I actually crossed paths in the oddest way with Paul Stookey when a wee kidling. One Sunday when I was probably around eight, my folks took my brother and me for a day jaunt to O'Hare Airport. (Yes, there was a time when a family might go to the airport simply to watch the planes and see the bustle of people.)
As we were wandering through, my brother (he was probably about 11) said, "I think that guy we just passed was Jerry Lucas." Not many people would have recognized Jerry Lucas, though he was a fairly successful professional basketball player. He had been an All American forward on Ohio State and was now a pro, though his professional career didn't reach the renown of his college days. Anyway, we wandered on and ignored it. But a little while later, it was still bugging my brother. He was sure it was Jerry Lucas and wanted to go back and find out. So, he headed off to search, and like a good little brother, I followed.
Now, consider two things: 1) That this was a time when parents were fine letting their two kids go running through an airport, and 2) my brother actually thought he'd be able to find one person he thought he might have spotted five minutes earlier in O'Hare Airport, the busiest airport in the world.
And we found Jerry Lucas. It was him. He was surprised and pleased to be recognized, we got his autograph, and then headed back to find our parents.
Very excited, we were a bit tired, so we found some chairs and all four of us sat down to rest. And sitting down, we turned our heads and noticed a guitar case and bass case next to us. There was a tag on both of them with a logo that said, "Peter, Paul and Mary."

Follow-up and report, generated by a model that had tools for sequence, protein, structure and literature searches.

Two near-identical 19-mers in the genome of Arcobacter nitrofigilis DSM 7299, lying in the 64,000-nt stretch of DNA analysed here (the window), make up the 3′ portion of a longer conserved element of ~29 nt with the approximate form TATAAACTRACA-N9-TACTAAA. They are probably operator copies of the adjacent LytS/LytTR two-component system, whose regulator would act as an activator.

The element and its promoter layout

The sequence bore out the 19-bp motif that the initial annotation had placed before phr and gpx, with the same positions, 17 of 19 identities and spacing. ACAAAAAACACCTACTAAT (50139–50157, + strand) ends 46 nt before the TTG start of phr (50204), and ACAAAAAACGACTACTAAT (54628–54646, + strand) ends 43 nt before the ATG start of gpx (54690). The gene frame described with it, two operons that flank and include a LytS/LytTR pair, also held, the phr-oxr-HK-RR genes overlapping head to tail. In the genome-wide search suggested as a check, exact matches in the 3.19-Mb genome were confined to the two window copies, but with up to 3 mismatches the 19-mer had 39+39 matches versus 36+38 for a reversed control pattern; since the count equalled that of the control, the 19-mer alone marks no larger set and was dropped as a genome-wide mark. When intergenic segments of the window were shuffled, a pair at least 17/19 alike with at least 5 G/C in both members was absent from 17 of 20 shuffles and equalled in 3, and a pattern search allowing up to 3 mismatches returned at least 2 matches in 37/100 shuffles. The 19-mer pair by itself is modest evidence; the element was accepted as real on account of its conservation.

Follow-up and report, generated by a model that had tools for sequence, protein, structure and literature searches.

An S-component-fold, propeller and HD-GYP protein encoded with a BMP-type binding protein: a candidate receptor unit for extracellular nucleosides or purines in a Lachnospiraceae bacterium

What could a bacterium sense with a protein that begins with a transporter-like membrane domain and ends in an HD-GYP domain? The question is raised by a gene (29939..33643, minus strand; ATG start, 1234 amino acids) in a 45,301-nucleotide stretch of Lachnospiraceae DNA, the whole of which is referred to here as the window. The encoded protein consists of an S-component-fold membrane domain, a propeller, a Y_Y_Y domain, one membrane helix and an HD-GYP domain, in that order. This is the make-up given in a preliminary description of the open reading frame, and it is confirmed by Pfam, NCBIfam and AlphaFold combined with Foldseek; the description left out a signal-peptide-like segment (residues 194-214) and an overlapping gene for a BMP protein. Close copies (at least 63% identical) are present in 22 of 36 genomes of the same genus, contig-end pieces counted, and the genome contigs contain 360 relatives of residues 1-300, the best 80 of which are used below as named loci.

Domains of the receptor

It will not surprise you that we chose not to go anywhere for the time being. We had no idea what would turn up at the other end of this adventure, but we were going to find out.
Eventually, the owners of the instruments showed up. One was Paul Stookey. The other, if I can recall correctly, was their longtime bassist, Dick Kniss. We got the autographs. It was, as yo might guess, a swell day at the airport. And memorable. (I even kept both autographs for a very long time, but alas they are no more.)
By the way, consider one more thing: This was a time when a major musician felt no qualms about leaving his instruments unattended at the world's busiest airport.
Years later, as I mentioned elsewhere, I worked on a Stephen King movie in the town of Ellsworth, Maine. One day I saw a flyer in town for a concert that very night with Noel Paul Stookey, who lived a few miles down the road in Blue Hill. I showed up, but it was all sold out -- however a father and son had a spare ticket to sell, so I got in. The concert was wonderful, and I was tempted afterwards to go back stage and say, "Hi! Remember me?!"
Anyway, in honor of baseball, here's "Right Field." By my good buddy, Noel Paul Stookey.
(By the way, much as I love this song, my favorite moment might be the look of knowing recognition from two women 49 seconds in. The cameraman and director lucked out big time.)